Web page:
• further develop and conduct a cross-cultural analysis of object play and play objects based on already established datasets (eHRAF) and coding schemes, and to

  • build agent-based models that explore the effects of object play-based learning on adaptability.

Applicants are asked to submit a short research proposal of <5 pages in which they present their ideas of how to model play-based social learning strategies and their population-level impacts on adaptability. In addition, applicants must submit:

  • a cover letter offering a concise statement of motivation for applying for the position;

  • a maximum of five publications;

  • a CV;

  • a list of publications.

The successful applicant will be expected to:

  • develop their research within the framework provided by the P|O|P project;

  • work closely with the project team in all aspects of data generation, analysis and write-up;

  • present their research at international meetings and publish results in peer-reviewed,

international scientific journals

  • contribute to the organisation of research workshops and international conferences related to the project;

  • teach at BA and/or MA level (maximum 20%, by agreement).

Teaching The position will involve some teaching as agreed upon with the Head of the Department and the project PIs.Knowledge exchange The successful applicant will be expected to exchange knowledge with various sectors of society and to contribute actively to public debate in areas related to the position.Qualifications Applicants for this position must hold a PhD degree in cultural evolution, quantitative social science, anthropology, archaeology or a related field. Applicants must document:

  • doctoral-level experience within a relevant discipline;

  • expertise in agent-based modelling or related techniques in NetLogo, Python or R;

  • experience in cross-cultural analysis;

  • an interest in play and social learning;

  • an international research profile;

  • fluency in written and spoken English, and the willingness to acquaint themselves with Danish if they do not already have the necessary Danish skills.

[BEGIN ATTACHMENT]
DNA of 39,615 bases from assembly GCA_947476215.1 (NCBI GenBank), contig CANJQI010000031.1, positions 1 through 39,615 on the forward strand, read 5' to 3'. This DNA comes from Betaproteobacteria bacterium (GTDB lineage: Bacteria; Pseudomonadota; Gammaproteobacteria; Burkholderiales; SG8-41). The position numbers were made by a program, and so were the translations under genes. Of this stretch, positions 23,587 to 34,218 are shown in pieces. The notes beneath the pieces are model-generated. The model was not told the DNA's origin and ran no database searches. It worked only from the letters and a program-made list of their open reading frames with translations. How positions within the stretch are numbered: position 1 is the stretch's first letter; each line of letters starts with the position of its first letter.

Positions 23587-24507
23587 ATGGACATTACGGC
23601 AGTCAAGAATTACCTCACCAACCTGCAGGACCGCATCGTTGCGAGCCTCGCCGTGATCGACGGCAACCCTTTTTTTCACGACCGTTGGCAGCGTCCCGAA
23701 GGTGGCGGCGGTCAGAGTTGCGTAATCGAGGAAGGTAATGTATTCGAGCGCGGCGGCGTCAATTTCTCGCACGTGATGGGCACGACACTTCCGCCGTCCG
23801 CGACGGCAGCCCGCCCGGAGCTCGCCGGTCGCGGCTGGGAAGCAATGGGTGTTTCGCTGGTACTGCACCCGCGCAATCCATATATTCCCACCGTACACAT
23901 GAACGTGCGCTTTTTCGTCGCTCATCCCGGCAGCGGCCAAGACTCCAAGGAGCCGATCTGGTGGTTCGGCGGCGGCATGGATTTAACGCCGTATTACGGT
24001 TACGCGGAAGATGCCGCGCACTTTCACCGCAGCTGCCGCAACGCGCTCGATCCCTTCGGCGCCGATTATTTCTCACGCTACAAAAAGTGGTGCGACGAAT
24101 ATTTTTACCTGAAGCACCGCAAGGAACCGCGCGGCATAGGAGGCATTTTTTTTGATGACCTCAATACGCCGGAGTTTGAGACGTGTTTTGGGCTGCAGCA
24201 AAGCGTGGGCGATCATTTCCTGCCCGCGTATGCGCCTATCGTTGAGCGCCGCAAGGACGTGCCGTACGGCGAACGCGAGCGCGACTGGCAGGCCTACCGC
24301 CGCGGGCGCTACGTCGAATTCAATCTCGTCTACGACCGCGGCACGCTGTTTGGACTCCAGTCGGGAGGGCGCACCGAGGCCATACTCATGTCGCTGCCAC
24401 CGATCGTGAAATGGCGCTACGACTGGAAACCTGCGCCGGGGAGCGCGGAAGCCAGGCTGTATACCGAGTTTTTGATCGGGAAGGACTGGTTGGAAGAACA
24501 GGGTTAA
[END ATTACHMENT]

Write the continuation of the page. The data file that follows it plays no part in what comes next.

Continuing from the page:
The research activities will be evaluated in relation to the actual research time. We therefore encourage applicants to specify any periods of leave they may have had without research activities (e.g. maternity/paternity leave), so we can subtract these periods from the span of their academic career when evaluating their productivity. Please upload a maximum of five publications alongside your application. Only submitted publications will be assessed; a list of publications is not sufficient. As a result, applications without submitted publications will not be assessed. Professional references or recommendations should not be included. Applicants who are selected for an interview may be asked to provide professional references. The application must be submitted in English For further information about the position, please contact Felix Riede, e-mail For more information about the application, please contact HR supporter Marianne Birn, e-mail work environment At the Department of Archaeology and its associated research programme known as Materials, Culture and Heritage (MCH), we are concerned with people and the environment and culture and society from the earliest to modern times, with a focus on studies of material culture. On the basis of fieldwork and library and laboratory studies – including methods from anthropology, history and a variety of natural science approaches – the programme investigates and challenges our understanding of past societies seen in a deep historical perspective. The MCH research programme at Aarhus University has an international profile and strong research networks. A dynamic research environment provides the framework for large research projects, international conferences and a variety of visiting researchers. The environment is versatile and cross-disciplinary, and the academic staff’s research competences span topics ranging from war and power, mobility and globalisation, family and individual, religion and rituals, landscape and settlement, palaeo-demography and evolution, trade and networks, technology and knowledge exchange to (in particular) quantitative analysis methods, field methodology and digital representation. For a more detailed description, please visit: In addition, the successful candidate would also be associated with the Interacting Minds Centre (IMC). For more information, please visit: of Culture and Society At the School of Culture and Society the object of research and teaching is the interplay between culture and society in time and space: